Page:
The Shoe Leather Express – “Down on the Farm”

(Posted: January 26, 2012)

Sometimes the unusual happens, either by chance or by design, and on this particular day our march was terminated at one of the largest and richest looking farms on our entire march.  The fields were plowed and signs of the spring crop of wheat or barley tinted the fields with a blanket of green.  These tranquil surroundings would be for one fleeting moment and lead us to believe that a war never existed and we were there as tourists.  A shout from the guard “Rouse Gain” or “Feddic Marchin” brought us back to the real world.  A march of about one quarter of a mile from the main road brought us to the usual surroundings of two large barns constructed of half large stone at the base with the top half constructed of boards.  The third barn was smaller and constructed entirely of wood.  This barn was our motel for the evening. 

After our usual chores of locating an area for sleeping and gathering our share of straw for our bed we set out foraging for food.  When it comes to finding food, I believe a POW has a distinct sense of smell.  The olfactory organ must strengthen when the stomach is empty, somewhat, as I have often heard, as when one loses hearing in one ear or sight of one eye and the other ear or eye acquires some of the strength from the damaged ear or eye.  In this case, it was the nose.  Within a short period of time several POWs were cooking potatoes, but the usual potato mounds were either non-existent or were out of sight or the potatoes were removed from the mounds or placed in a potato cellar.  Since it was spring time in Germany, the latter was the most probable reason, and that’s where the POWs found the potatoes in the potato cellar beneath the barn.

 Some farm boy POW must have been raised in the potato farm belt of America in order to know the storage method for keeping potatoes and where the potato cellars were located.  An exercise in gymnastics and cooperation from two other POWs was required to get to the potatoes.  First there was an eight foot high boarded partition to scale.  On the other side of this partition was an area where the farm equipment was kept.  There was another partition at the right angle to the solid boarded partition.  The second partition was boarded but with a three inch space between each board.  This served as a ladder.  On the other side of this partition was an unoccupied area, and there was a two by four foot trap door that led to the potato cellar.  After all of this there was a four foot drop to gain access to the potatoes.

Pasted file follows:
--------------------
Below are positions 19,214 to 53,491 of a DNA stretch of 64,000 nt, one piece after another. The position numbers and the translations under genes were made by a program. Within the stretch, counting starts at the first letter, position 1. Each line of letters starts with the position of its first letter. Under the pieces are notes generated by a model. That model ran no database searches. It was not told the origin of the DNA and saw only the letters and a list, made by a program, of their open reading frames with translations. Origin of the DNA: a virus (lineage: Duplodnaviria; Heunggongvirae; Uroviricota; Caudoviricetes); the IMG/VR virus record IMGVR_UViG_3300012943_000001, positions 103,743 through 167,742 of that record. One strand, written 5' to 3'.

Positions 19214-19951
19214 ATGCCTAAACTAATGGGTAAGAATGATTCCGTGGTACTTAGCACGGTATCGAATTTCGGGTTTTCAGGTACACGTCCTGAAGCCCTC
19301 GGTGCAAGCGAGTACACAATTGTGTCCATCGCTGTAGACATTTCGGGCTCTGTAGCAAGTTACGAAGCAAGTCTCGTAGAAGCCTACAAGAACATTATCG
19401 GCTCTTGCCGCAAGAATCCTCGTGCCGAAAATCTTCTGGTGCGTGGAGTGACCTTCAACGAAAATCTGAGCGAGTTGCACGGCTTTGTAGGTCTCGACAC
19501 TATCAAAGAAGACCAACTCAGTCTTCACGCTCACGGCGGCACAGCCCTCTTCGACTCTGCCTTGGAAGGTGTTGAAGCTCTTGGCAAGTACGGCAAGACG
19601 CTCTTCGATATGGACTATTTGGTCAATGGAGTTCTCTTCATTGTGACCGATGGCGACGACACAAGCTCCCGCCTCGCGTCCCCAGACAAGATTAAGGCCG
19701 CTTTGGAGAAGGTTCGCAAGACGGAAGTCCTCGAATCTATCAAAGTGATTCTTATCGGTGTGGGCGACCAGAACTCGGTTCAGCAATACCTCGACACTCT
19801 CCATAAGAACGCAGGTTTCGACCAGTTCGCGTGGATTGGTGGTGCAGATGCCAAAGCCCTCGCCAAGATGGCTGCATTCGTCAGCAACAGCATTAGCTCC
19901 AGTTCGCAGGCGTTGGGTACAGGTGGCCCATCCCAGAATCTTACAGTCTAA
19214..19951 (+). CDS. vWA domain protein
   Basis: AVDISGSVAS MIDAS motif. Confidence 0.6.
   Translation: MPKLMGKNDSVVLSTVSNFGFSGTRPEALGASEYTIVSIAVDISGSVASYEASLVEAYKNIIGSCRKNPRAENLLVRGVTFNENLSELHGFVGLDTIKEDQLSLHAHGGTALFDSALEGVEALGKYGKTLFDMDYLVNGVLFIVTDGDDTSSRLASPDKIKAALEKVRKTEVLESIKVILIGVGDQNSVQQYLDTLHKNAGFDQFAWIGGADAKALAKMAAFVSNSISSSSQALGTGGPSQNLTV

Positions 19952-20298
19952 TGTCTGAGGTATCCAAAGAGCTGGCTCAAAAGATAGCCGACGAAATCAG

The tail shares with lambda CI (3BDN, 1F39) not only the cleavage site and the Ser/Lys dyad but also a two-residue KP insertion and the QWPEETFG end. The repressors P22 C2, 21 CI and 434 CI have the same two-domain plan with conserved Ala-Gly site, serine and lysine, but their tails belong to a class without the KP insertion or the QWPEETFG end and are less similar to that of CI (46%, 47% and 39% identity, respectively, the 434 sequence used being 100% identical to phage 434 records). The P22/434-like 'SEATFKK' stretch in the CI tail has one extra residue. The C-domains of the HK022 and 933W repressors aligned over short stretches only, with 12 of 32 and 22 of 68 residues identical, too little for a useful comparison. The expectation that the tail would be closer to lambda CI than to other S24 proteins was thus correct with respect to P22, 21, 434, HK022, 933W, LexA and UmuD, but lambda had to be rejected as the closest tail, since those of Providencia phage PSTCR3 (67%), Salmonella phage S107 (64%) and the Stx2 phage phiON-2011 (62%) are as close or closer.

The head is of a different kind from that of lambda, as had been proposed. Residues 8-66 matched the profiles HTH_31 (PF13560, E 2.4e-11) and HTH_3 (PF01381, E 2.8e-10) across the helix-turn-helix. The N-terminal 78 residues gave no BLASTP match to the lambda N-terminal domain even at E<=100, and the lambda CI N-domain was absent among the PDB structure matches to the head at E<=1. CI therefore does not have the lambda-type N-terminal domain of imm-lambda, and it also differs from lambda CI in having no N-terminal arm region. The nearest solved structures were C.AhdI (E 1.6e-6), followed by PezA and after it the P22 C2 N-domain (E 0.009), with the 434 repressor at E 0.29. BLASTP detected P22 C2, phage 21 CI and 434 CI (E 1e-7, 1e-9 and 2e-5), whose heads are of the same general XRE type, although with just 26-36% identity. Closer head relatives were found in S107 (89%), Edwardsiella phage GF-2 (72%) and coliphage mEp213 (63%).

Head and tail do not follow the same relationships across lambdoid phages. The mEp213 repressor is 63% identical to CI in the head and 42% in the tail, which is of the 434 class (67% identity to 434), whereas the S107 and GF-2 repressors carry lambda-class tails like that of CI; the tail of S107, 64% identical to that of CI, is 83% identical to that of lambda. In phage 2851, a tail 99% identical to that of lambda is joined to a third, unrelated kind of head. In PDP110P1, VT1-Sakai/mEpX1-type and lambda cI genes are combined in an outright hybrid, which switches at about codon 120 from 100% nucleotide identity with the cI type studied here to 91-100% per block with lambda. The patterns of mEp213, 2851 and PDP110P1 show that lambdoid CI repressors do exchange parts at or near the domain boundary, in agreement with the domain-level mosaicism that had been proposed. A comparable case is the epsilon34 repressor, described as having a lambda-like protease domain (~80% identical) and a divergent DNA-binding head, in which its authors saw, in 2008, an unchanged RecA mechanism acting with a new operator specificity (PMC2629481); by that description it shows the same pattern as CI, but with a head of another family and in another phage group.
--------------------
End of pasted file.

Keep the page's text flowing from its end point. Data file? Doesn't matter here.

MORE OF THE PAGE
The first partition was scaled by one POW cupping his hands and hoisting the other two POWs, one at a time so they could grasp the top and pull themselves up and drop to the other side.  The second ladder like partition presented no problem, but, to gain access to the potatoes through the trap door, one POW had to assist the other POW down to the potatoes.  The POW in the potato cellar would fill a shirt knapsack with as many potatoes as he was able to carry.  He then handed the sack to the other POW.  He in return would assist the other POW back out of the potato cellar.  The two went back over the ladder-like partition to the area where the farm equipment was kept, then one POW would cup his hands and hoist the other POW with the potatoes to the top of the partition (this was the hard part), and he would then lower the potato sack to the third POW.  The POW on top of the partition would reach down and assist the other POW to the top of the wall, and then both dropped down to the barn floor.  All of this was accomplished in semi-darkness.  After three or four sorties by other POW groups, a system was set up with eight to ten POWs participating, somewhat like a bucket brigade but more like a line of Army ants.  It all stopped when the level of the potatoes dropped, which then made it impossible to get back out of the cellar.

For some unknown reason, our usual predawn departure was delayed.  This delay enabled us to witness our first look at a wood fired automobile.  A small automobile just slightly larger than today’s Volkswagen, pulled up to a woodpile.  The rear trunk lid was removed to allow a wood burning stove to be placed in the trunk.  A huge woman struggled to get out of the car.  She was six feet tall, with large hands and busts to match.  She wore high black boots covered with fresh mud, indicating that she had been inspecting the crops.  Our presence did not interest her in the least.  She was probably accustomed to the POWs.  She went to the woodpile, gathered an armload of wood, opened the stove door, threw in the wood, and got back in the car, with as much difficulty as she had getting out.  She shifted gears and putt-putted down the road.  We were later informed that this woman was a Baroness and owner of the farm.  This would account for the well-manicured and rich-looking farm.  We moved out.


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